FRAWD Investigators: The Ambush | Scene 7

The terran settlement is a very small scale operation. A lot of work here is done by hand, and the farmer that Imogen and Lilly target is actively hoeing a small plot. No one they have observed has weapons, so they leave their own holstered and out of the way. Imogen takes a deep breath and strides out to talk with the farmer. “Good day to you,” she says, all friendly.

Nonetheless, the woman is startled. “Who are you?” she demands. 

“I’m Imogen and this is Lilly. What’s your name?” Imogen continues, a smile on her face.

“What do you want?”

“Your name, for starters.”

“I’m Denise,” the farmer replies reluctantly. “How did you get here?”

“We’ve got a ship, a small one,” Imogen replies modestly.

“Why are you here?”

“To be honest, we’re here because we’re a little alarmed to find that there’s a terran settlement here. We wanted to find out what you’re doing here.”

“We’re just living our lives, just trying to stay out of the way, okay?” the farmer replies, sounding much aggrieved. “We don’t want any trouble with anybody. You from the Dominion?”

“I don’t work for them, but it’s a large sector. It’s hard to avoid having been through their space,” Imogen points out.

Lilly’s answer is more succinct. “No.”

“The Dominion’s not planning on moving in here, are they?” Denise asks.

“No, not the Dominion—”

“Well, that’s good,” the farmer says, letting out a sigh of relief.

“—but there are zerg on the way,” Imogen finishes.

Denise’s eyes go wide. “Wh-wh-what do you mean, zerg? Why are they coming here? There’s nothing they would want here!”

“There are some ruins here. Have your people looked at them?”

“No! It’s spooky, it’s scary. Somebody checked them when we first got here, and it did not end well. So we stay away from those. Those are just trouble.”

“Agreed. But that’s why the zerg are coming.” In a roundabout fashion, Imogen’s answer is honest. It is just missing a few links, such as her own responsibility for this situation.

“Why are you here if the Swarm is coming here?! Are you infested?”

“No, we were just trying to make sure no terrans were here. But it seems like there are.” Denise asks who they work for, and Imogen produces a Lost & Found business card. “We’re in business for ourselves.”

“We don’t have any credits,” Denise insists. “We can’t pay you.”

“We’re not interested in your money,” Imogen reassures her. “But we’d like to see if there’s a way to get you all off this island before the zerg get here.”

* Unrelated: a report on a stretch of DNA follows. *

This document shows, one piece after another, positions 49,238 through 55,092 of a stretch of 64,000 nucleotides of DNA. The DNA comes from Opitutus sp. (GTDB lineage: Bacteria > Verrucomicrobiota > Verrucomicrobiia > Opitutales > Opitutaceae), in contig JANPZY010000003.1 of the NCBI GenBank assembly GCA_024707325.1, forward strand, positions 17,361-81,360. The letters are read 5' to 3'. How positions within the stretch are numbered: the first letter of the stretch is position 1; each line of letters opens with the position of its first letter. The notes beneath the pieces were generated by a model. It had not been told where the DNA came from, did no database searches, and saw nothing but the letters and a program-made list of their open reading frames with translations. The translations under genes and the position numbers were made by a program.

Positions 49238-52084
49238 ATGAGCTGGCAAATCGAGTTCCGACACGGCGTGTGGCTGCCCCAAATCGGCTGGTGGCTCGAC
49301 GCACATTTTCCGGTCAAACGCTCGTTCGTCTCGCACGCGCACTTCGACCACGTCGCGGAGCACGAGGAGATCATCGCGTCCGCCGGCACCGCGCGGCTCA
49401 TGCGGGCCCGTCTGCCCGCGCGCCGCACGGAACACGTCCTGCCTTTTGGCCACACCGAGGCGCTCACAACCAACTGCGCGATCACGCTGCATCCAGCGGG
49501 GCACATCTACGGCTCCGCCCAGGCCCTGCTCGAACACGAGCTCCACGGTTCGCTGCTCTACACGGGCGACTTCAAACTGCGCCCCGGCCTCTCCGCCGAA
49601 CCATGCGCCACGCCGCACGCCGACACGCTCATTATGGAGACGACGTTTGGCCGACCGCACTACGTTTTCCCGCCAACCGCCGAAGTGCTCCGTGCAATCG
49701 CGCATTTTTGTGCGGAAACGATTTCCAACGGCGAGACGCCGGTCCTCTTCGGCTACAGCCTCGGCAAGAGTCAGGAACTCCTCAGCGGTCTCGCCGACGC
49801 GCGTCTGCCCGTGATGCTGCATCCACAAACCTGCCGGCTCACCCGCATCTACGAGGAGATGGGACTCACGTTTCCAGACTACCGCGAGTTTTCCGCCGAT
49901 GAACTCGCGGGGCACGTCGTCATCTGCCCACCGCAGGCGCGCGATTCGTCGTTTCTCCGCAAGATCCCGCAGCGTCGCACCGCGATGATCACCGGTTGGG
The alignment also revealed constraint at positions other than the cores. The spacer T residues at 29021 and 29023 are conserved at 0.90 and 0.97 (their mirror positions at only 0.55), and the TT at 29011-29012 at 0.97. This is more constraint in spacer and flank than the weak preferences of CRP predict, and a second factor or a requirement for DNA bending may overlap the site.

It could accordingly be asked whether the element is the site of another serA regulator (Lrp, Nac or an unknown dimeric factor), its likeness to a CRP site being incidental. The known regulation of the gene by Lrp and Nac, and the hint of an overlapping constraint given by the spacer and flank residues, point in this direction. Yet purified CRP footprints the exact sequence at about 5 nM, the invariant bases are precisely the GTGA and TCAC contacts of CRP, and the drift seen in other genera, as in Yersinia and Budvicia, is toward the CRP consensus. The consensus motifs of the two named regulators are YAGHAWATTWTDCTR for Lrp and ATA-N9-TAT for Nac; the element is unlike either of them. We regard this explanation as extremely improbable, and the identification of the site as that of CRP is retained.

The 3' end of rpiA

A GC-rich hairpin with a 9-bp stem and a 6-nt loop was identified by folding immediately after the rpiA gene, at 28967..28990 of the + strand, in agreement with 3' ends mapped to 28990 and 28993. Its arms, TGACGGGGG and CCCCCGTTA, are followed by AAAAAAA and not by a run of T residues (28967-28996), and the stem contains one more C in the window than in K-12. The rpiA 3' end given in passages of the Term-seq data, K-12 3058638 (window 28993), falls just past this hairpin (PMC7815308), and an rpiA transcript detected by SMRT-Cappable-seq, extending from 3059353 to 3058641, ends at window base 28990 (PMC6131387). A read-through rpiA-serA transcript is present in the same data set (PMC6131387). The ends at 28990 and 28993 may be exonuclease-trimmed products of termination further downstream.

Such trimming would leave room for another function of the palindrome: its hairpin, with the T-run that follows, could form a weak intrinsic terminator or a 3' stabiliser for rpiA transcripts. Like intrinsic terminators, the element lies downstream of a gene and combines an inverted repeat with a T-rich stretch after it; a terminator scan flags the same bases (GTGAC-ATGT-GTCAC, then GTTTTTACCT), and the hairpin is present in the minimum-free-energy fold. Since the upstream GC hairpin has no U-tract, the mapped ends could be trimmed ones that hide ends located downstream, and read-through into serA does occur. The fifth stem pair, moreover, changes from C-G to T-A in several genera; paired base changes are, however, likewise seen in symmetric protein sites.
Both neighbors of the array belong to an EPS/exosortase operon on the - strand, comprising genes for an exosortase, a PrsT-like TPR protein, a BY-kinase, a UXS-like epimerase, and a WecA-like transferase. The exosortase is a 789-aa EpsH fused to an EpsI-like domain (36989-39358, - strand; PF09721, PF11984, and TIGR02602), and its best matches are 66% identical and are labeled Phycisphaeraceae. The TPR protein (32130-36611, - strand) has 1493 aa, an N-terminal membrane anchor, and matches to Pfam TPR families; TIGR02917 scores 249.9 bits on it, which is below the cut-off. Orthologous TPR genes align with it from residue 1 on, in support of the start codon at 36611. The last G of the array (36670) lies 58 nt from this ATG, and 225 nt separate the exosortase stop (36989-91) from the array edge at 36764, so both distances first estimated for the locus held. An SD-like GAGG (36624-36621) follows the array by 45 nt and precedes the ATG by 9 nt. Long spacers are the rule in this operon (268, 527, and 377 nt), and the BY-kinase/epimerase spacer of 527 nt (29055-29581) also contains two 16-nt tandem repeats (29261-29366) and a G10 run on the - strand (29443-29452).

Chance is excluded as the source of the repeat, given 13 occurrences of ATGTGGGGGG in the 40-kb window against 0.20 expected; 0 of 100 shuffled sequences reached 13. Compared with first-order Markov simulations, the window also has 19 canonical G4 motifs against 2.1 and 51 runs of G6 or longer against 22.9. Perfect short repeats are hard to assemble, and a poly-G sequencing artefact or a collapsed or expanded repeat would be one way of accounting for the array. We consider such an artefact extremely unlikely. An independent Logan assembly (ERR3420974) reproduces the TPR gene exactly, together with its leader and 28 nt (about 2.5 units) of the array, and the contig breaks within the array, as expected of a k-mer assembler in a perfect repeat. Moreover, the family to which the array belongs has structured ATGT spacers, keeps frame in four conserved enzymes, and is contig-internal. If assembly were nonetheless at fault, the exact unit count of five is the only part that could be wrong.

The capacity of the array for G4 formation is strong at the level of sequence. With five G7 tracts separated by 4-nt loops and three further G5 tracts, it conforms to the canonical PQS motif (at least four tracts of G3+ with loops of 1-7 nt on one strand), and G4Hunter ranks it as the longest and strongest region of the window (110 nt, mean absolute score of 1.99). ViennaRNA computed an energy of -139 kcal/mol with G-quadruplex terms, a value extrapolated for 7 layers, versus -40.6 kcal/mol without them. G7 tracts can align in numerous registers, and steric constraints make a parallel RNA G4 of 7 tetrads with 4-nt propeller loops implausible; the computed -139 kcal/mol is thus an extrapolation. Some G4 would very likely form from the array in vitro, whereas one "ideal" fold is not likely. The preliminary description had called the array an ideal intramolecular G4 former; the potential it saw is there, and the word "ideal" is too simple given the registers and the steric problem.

“How soon is soon? Like right now? Should I harvest these crops or not?” the farmer asks, looking down around her at her work. “I might have some tiny little potatoes ready.”

“You have more than hours, but not days. How attached are you to your settlement? Why did you build it in this location? There are plenty of other little islands around,” Imogen observes. Denise shares its main quality, a good deal of flat space.

The zerg tend to linger wherever they go, even once they have achieved their goal. That is why some can still be found on Mar Sara, after all. But this planet’s island nature is a mark in its favor. Although some zerg like mutalisks can fly, not many can swim. Provided these people relocate far enough away, they are unlikely to be troubled by any stragglers after the Queen of Blades deals with Neiman. Unfortunately, this settlement has no council or even appointed leader to make collective decisions for the group.

“It’s not safe for you to stay on this island. It is the Swarm; there is no stopping the Swarm,” Imogen tells Denise bluntly. In truth, it will just be a small, surgical strike team of zerg, but one entirely focused right here. “Their objective is the ruins on this specific island.” Nevermind that it is Imogen and Lilly’s fault that those ruins are the target. “If any of the vessels that you’ve repurposed here are still functional, you should power those up and move to a different island. We’ve got a small ship, and we’re willing to ferry people to another island. There’s a limit, though, on how much supplies we can move. But we do have a sophisticated sensor suite. We can run a sweep to find another island similar to this one. And just to be clear, we are not asking for any kind of payment,” Imogen adds. No, just a soothed conscience.

“We’re just looking to help,” Lilly says, backing up her partner.

That is good enough for Denise, who feels no strong ties to the land other than her potato crop. Enough of the vessels here can still fly, and those have ample room for all the residents. In the two years they have been here, their population has not expanded much. Denise puts her hoe over her shoulder to head into the encampment and spread the news. She is not sure if everyone will sign on but is unconcerned about the fate of those who would choose to remain. “If people don’t agree, that’s their choice,” she says with a shrug. “If they want to stay here, they can stay here.”

Imogen does not share that attitude. “Lilly, go take care of the sensor sweep,” she orders. “I’m going to stay to talk to people.”